Telling porkies

Now, I’m not usually one to re-post other recipes but I have just finished wolfing down what is one of the most delicious dishes I’ve cooked in a while and had to share.

For my first ever attempt at cooking pork belly (yes, yes, pork belly is apparently the only cut of meat to eat these days), I utilised the sacrilicious crisp pork belly with caramel vinegar recipe of Bill Granger. Thanks, Bill.

Step one on your journey to ingestible heaven: start telling porkies. I used a 400gm piece of pork belly (try and get the end of the belly that has slightly less fat on it. The skin will still be shatteringly crisp, and you won’t be downing what seems like the fat of one thousand animals). Score the skin (stop before you hit the meat itself) at about 1cm intervals (this will also help when you’re slicing the pork later on) and then rub a good few teaspoons of salt all over the skin. Leave for 30 mins.

I hear tattoo artists practice on this sorta thing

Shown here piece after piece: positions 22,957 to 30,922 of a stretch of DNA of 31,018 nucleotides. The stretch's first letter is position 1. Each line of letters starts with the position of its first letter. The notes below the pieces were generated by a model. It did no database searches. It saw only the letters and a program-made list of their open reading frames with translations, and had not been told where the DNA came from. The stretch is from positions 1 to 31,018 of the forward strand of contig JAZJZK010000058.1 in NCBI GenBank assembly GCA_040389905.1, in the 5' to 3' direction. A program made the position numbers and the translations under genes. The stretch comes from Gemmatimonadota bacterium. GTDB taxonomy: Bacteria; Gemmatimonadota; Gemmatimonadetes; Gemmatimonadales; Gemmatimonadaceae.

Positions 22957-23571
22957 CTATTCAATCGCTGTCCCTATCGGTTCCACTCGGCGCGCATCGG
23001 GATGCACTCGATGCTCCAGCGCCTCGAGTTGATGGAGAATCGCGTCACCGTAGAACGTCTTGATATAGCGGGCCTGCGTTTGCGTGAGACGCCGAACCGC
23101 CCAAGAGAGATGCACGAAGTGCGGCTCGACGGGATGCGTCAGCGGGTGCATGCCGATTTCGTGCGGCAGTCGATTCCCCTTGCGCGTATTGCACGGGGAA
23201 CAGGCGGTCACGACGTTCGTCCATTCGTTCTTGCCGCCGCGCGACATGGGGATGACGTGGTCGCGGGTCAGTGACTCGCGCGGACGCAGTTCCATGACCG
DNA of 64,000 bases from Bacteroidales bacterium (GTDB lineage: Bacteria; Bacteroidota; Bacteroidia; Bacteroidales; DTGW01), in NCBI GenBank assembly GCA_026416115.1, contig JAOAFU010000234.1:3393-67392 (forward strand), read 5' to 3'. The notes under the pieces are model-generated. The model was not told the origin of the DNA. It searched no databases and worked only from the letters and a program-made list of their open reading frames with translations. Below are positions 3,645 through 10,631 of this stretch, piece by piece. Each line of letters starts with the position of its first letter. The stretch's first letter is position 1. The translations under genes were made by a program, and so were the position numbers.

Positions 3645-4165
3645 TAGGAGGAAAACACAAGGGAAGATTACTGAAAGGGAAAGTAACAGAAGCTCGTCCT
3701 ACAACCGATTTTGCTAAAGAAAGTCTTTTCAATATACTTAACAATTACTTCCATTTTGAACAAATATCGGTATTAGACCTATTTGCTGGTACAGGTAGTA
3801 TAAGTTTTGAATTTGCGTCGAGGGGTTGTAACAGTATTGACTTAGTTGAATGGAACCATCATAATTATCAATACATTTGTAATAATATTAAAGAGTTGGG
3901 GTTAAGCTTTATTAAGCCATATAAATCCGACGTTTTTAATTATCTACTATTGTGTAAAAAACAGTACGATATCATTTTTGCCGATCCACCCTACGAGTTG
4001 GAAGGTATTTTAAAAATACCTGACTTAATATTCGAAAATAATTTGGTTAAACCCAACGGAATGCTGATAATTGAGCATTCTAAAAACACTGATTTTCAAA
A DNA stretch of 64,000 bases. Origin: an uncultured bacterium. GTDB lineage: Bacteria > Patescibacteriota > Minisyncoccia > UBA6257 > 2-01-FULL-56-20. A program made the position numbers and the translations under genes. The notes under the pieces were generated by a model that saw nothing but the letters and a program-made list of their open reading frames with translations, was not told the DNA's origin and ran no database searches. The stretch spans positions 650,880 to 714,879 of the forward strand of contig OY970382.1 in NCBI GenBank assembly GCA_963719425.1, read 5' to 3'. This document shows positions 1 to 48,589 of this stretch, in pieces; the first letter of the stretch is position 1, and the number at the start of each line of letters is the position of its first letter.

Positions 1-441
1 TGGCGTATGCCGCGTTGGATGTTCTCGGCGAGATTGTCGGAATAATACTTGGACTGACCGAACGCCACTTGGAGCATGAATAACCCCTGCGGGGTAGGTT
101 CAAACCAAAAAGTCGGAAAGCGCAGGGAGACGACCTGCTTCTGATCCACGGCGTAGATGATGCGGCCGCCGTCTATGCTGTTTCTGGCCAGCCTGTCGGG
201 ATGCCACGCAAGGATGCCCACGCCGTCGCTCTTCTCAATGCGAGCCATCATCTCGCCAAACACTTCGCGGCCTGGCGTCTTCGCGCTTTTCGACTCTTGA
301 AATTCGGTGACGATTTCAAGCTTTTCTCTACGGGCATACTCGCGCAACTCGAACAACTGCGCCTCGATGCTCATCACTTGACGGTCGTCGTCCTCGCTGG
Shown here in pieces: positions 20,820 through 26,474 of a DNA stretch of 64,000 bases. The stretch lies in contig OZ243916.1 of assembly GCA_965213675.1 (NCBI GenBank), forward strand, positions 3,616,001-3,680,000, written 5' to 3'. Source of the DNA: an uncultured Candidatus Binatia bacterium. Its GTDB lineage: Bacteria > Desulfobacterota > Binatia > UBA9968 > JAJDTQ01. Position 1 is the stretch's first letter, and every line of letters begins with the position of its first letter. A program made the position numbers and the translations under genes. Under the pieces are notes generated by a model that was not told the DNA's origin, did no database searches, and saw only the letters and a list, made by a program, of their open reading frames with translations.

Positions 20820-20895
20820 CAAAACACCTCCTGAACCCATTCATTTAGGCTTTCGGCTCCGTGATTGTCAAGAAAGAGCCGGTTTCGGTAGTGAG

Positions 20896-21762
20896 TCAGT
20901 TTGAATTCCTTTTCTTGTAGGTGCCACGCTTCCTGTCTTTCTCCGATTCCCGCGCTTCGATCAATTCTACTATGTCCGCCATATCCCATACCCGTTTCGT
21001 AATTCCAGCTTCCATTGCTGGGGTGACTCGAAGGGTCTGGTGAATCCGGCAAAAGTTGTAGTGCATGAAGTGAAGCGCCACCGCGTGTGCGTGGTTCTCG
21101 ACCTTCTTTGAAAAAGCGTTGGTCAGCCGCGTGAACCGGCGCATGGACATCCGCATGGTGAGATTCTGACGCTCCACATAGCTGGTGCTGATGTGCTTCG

Step two: it’s roasting time. Set your oven to 220 degrees (fan forced). Wipe the salt off the pork skin and dry well, with kitchen paper. Lightly oil a tray and place the pork skin side down – don’t worry, I too was sceptical that this would result in a limp, juicy skin as opposed to the crisp, crackly, airy delight I was expecting. Whack in the oven for 30 mins. Turn the oven down to 190 degrees and continue baking for a further 30 mins. At this point, turn the pork over so the skin is facing up and roast for a further 20 mins or until the skin is crackly. Take out of the oven and let it hang out for around 20 mins.

Sorry, I think you’ll find that I’ve drooled to the left

Step three: this gives you just enough time to steam some rice and make a delectably sweet, saucy caramel syrup to accompany (oh.. and veggies if you really must). In a saucepan, pile in 1/2 cup of brown sugar along with 1/3 cup red wine vinegar, a cinnamon stick and 2 star anise, and boil on high for about 5 mins until the sugar has dissolved and the liquid has evaporated to be slick and syrupy. Pour in about 1/2 cup of chicken stock and the juice of an orange and – same process again – reduce until deliciously thick. I slipped in a few slices of a long red chilli right at the end to add a bit of colour and a smack of freshness.


Step four: 2, 4, 6, 8 – dig in, don’t wait. Slice your deliciously-rested and juicy pork and place atop a mound of rice. Drizzle with the syrup, discarding the cinnamon and star anise, of course! Eat ravenously.


Well, I never claimed it was good for you, but it is delicious for you.


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